In Little White Lie [airing on PBS this coming Monday, March 23 at 10pm; check local listings], filmmaker Lacey Schwartz uncovers an identity-altering family secret, and then embarks on a journey of discovery as she contends with her new sense of self. The film challenges us to reconsider the notion that identity is a stable, clearly-defined dimension.
Independent Lens takes up Little White Lie‘s challenge with the digital short, I Identify. We gather a diverse group of San Francisco Bay Area residents to take on the forces that shape identity, from family and friends, to deeply-held personal convictions, and social and historical developments far beyond any one person’s control. Watch the video:
As a girl, Lacey Schwartz grew up wondering why she had darker skin, which became a source of embarrassment for her and eventually led her to question everything. Little White Lie is the filmmaker’s personal journey through a lifelong legacy of family secrets that, once revealed, changed her own identity and sense of self. “The film is a searing portrait of collective denial,” wrote Ben Kenigsberg in The New York Times, “a diagnosis from which Ms. Schwartz doesn’t exempt herself.”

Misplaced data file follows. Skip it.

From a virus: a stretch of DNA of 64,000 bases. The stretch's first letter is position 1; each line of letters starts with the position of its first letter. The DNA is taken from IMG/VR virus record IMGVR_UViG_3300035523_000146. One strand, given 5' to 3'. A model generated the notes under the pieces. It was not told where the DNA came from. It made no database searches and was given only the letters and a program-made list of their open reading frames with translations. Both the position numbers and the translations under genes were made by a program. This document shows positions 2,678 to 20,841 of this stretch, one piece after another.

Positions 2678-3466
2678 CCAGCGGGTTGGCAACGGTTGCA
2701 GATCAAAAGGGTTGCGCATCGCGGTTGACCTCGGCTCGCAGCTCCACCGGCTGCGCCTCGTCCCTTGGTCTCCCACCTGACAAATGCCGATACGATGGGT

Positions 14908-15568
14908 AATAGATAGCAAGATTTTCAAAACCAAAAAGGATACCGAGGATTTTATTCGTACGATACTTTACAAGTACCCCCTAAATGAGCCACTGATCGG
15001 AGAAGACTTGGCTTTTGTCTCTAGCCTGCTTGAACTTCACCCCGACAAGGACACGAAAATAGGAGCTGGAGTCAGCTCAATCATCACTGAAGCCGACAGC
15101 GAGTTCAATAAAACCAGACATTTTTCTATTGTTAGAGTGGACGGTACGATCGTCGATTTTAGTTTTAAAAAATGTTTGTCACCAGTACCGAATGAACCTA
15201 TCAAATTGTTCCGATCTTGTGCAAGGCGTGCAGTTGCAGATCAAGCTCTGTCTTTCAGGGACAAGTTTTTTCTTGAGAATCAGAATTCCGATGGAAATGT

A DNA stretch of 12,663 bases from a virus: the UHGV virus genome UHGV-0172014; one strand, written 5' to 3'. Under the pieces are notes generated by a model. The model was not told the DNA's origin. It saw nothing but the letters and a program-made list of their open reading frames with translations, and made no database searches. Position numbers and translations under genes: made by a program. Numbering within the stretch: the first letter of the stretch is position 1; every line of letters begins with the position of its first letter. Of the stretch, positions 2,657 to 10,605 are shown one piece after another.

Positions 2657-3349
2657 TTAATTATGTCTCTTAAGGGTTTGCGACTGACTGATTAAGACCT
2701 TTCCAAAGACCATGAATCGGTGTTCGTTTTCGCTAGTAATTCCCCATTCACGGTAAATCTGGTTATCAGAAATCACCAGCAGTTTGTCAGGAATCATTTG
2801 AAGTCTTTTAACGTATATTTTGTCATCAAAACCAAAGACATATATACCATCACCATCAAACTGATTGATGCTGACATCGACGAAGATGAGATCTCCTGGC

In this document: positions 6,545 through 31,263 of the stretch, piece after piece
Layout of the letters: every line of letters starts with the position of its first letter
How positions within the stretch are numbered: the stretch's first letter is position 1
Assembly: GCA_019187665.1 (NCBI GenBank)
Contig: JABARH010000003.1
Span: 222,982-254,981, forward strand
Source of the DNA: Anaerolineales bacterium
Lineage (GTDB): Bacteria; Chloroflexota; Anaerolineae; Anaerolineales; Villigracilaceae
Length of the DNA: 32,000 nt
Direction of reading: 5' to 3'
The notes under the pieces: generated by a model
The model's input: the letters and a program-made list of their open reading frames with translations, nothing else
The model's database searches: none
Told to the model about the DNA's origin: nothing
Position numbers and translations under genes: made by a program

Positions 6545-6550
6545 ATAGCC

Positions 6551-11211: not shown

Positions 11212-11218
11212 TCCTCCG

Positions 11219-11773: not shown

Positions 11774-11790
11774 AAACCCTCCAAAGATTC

Lacey took the time out to talk to us about the film, including ways it’s changed everything for her family, and how– while her story is certainly unique – she thinks it will spark similar conversations in other families.
Lacey Schwartz as a child with her mom, from the film Little White Lie
By Noel Murray
When Lacey Schwartz applied to Georgetown at age 18, she left the “racial identity” box unchecked, but did submit a photograph, and not long after she was accepted at the university, she was invited to join the black student association. The problem? Schwartz had been raised in a white Jewish household, by a mother who told her that her darker skin and kinky hair were due to her dad’s roots in Sicily. After a few months in college, Schwartz learned the truth: that she was the product of a tryst between her mother and an African American man.